National Park & Preserve
Denali, the "High One", is the name Athabascan native people gave the massive peak that crowns the 600 mile-long Alaska Range. Denali is also the name of an immense national park and preserve created from the former Mount McKinley National Park. The changes in names and boundaries that have occurred over the years can be confusing, as they indicate the way various parts of the park and preserve may be used today. In 1917 Mount McKinley National Park was established as a wildlife refuge. The park and the massif including North America's highest peak were named for former senator—later President—William McKinley. In 1980, the Alaska National Interest Lands Conservation Act (ANILCA) enlarged the boundary by four million acres and redesignated it as Denali National Park and Preserve. At six million acres, the park is larger than Massachusetts. It exemplifies interior Alaska's character as one of the world's last great frontiers for wilderness adventure. It remains largely wild and unspoiled, as the Athabascans knew it.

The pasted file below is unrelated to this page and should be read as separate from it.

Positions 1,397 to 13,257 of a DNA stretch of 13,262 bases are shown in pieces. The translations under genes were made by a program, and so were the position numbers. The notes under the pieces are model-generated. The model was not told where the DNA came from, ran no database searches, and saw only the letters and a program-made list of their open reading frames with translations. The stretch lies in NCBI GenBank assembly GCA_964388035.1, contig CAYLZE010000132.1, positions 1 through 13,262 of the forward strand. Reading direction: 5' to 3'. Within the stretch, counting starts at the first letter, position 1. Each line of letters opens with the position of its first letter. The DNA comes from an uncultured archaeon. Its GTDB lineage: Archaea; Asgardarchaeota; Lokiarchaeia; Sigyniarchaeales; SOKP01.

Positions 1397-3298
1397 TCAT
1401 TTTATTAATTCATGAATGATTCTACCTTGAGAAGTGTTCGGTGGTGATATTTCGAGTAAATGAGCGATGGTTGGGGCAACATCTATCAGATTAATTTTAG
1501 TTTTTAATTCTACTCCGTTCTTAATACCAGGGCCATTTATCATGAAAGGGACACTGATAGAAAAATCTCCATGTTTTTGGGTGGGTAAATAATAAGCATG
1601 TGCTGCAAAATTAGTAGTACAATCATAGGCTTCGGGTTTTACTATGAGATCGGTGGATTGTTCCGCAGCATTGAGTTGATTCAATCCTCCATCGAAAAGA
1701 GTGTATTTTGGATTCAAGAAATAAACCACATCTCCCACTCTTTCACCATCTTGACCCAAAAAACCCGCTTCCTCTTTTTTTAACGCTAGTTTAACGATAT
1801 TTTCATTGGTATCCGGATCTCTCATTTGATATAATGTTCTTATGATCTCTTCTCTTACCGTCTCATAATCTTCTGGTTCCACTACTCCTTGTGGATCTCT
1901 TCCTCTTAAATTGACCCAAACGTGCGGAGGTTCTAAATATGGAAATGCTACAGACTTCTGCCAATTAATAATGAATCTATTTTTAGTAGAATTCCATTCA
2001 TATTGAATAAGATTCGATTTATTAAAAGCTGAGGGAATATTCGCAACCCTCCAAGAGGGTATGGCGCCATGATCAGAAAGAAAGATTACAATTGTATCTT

Mount McKinley has been called the Alaskan landscape's most impressive feature. While you may not see this great peak during your stay here, it is there! Mount McKinley is the highest mountain on the North American continent. Measured from the 2,000-foot lowlands near Wonder Lake to its summit, this mountain could be called the tallest in the world. The vertical relief of 18,000 feet, greater even than that of Mount Everest, tops out on the snowy summit at 20,320 feet. McKinley's north summit is North America's second highest peak at 19,470 feet. Temperatures at the summit are severe even in summer. Winter lows at just 14,500 feet can plummet below -95°F! During storms, winds can gust to more than 150 miles per hour. Permanent snowfields cover more than 50 percent of the mountain and feed the many glaciers that surround its base. The mountain's granite and slate core is, in fact, overlain by ice that is hundreds of feet thick in places.